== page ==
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Paynesville Press - July 21, 2004

Hawick United Methodist to hold centennial celebration next weekend

By Bonnie Jo Hanson

Hawick United Methodist Church, founded in 1904, will celebrate its centennial on Sunday, Aug. 1.

The Hawick church will hold a special worship service to celebrate its centennial at 10:30 a.m. that Sunday, it will hold a dinner following the church service, and it will have a centennial service at 2 p.m. (The centennial celebration also includes a song fest on Saturday, July 31, at 8 p.m.)

Hawick was founded when the Great Northern Railroad passed through the area in the late 1880s. While much of Roseville Township was settled by German Catholics and Scandinavian Lutherans, the Hawick area included many "old-time Americans" from Illinois, Iowa, Maine, New York, and Wisconsin, according to the church history, "Fifty Years of Service to Christ and Community 1904-1954: The Hawick United Methodist Church."

Settlers - both Methodist and Presbyterian - worshipped together at a schoolhouse on Long Lake near Hawick. The Presbyterian members joined with a church in New London, while the Methodists shared ministers from Paynesville.

church In 1904, bolstered by some new Methodist families from Iowa, the Hawick Methodists started talking about building a new church, having outgrown the schoolhouse. Soon a lot was purchased, and a church was built in Hawick.

Hawick United Methodist Church - shown in 1938 - was founded in 1904. The congregation will celebrate its centennial on Saturday, July 31, and Sunday, Aug. 1

The church in Hawick was done, but the congregation still needed to do some work inside before services could be held there, according to Foster Hudson, whose grandfather was a founding member of Hawick United Methodist Church. When members went to the church to do the work, they found it padlocked. As it turned out, laughed Hudson, the carpenter hadn't been paid the $300 he charged for building the church, so he wouldn't let anybody inside.

Members quickly paid the bill and took possession of the church, but no stairs had been built. "It wasn't in his contract," said Hudson, "so the guy never built the steps." Members quickly built steps, too, so the church could open on time.

Besides the Hudsons, only one family remains of original church members. Harley Caldwell's grandfather was also a founding member of Hawick United Methodist.

school Over the past 100 years, the membership of the Hawick United Methodist Church has stayed small. The current adult membership is 45; the largest enrollment was in the 1980s when the rolls recorded 100 adult members.

Hawick United Methodist Church - which has a current adult membership of 45 - had nearly two dozen kids in Sunday school in the 1950s.

Even though Hawick United Methodist is a small church, it still does big things, according to Barb Jones, a lifelong member of the church. In spite of its small stature, the congregation enjoys hosting large events and productions.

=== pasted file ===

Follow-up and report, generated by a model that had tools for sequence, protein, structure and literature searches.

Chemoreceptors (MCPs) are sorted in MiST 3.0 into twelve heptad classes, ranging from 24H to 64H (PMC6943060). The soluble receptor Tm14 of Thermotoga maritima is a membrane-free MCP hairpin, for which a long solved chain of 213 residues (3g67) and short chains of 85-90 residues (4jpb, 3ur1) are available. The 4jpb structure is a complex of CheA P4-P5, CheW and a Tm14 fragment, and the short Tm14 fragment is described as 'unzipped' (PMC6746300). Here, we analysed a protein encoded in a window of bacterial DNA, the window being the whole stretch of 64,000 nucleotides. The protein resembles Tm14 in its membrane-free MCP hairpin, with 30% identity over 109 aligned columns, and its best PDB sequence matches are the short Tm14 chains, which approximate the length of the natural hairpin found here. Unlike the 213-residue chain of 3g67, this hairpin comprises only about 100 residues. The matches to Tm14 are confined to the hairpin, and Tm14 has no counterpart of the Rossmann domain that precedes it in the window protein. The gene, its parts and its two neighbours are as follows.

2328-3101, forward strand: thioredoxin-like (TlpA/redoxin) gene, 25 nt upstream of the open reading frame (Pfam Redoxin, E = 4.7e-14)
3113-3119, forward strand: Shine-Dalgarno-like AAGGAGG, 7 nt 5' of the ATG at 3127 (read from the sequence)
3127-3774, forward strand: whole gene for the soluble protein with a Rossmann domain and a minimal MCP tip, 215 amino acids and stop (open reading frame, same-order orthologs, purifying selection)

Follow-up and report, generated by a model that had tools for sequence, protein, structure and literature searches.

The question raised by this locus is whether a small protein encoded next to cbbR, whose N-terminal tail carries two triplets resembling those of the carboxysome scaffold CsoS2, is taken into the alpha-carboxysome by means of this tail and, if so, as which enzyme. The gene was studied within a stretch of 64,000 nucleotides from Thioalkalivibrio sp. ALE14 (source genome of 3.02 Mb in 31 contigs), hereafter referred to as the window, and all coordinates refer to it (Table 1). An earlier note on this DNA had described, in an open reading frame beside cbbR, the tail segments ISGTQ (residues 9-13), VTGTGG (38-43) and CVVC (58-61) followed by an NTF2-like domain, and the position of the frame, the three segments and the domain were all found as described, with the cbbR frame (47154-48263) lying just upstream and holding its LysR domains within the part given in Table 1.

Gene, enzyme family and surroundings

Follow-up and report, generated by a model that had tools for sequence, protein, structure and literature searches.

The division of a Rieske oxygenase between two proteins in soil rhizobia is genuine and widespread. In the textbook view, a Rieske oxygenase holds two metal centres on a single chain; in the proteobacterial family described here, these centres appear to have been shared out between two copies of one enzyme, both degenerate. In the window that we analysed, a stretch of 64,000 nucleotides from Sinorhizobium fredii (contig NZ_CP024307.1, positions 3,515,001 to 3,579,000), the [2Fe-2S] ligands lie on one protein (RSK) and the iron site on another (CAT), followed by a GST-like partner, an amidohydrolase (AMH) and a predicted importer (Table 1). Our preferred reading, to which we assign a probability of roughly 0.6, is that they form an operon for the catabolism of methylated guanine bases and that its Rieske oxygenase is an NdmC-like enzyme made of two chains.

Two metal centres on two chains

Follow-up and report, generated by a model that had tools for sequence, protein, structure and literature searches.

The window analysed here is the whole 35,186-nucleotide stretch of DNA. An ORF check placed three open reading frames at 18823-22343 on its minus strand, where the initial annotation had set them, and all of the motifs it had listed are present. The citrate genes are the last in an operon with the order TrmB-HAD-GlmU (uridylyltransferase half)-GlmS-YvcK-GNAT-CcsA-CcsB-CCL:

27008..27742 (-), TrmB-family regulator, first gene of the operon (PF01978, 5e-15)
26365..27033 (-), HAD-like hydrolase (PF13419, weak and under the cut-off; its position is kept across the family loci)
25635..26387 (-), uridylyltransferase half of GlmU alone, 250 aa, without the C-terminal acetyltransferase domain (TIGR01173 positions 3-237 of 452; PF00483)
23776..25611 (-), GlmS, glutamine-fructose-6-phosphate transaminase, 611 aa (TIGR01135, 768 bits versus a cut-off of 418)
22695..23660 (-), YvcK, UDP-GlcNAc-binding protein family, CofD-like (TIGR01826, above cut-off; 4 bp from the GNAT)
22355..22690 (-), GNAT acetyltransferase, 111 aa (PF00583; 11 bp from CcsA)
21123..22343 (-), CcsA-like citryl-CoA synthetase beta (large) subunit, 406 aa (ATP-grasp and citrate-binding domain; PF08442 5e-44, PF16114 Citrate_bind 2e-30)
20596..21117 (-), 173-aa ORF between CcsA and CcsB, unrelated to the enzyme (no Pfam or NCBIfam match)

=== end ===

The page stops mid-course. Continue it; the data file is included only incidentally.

One recent addition to the church's productions is the live nativity, hosted by the church every Christmas since 2001.For two nights each year, the front of the church is transformed into the manger in Bethlehem, complete with donkeys, llamas, cows, and other barnyard animals surrounding a live "baby Jesus." Members of the congregation portray Mary, Joseph, wise men, shepherds, and angels.

It takes about 30 people each night to enact the live nativity, no small feat for a congregation with 45 adult members.

In 2001, more than 600 people attended the live nativity, according to church records, and attendance has grown each year since.

The live nativity is grew out of a yearly children's program that the church used to hold. While Hudson doesn't remember much about his earliest days in the church, he remembers vividly the Sunday School programs and the Young People's Society.

From the mid 1930s through the 1950s, the Young People's Society was the center of the social lives of most of Hawick's teenagers, said Hudson. Members of the society met on a regular basis to play games, to go Christmas caroling, and for sleigh rides and other outings, according to Ollie Hudson.

Maybelle Bye, 97, also remembers Christmas caroling and playing organ at Hawick United Methodist for many years. Bye, the daughter of a Methodist minister from Belgrade, married a Hawick man. Because he was Lutheran, she couldn't go to church with him. Instead they went separate ways each Sunday, he to Zion Lutheran and she to Hawick United Methodist.

The Hawick United Methodist Church's Young People's Society was also responsible for cleaning and maintaining the Roseville Cemetery in the late 1940s, according to Hudson. The group organized a massive clean-up effort involving the whole community in 1949, according to church records. The group continued to maintain the cemetery for many years after, added Don Jones.

"This is the only church I've ever belonged to," said Barb Jones, "and it's been a welcoming experience."

According to Barb, the numerous activities the church sponsors is a way to draw people to God. "We're called to be a light in the darkness. If you do something, people will know you're there," she explained.

Social events at the Hawick United Methodist Church also include a regular potluck dinner and short song fests.

Because of the popularity of these song fests, the centennial celebration will include a song fest on Saturday, July 31, at 8 p.m. where participants can "shout out" their favorite songs for the group to sing.

The centennial worship service will be held on Sunday, Aug. 1, at 10:30 a.m. with dinner afterward at the church. The centennial celebration service will begin at 2 p.m. on Sunday, Aug. 1.

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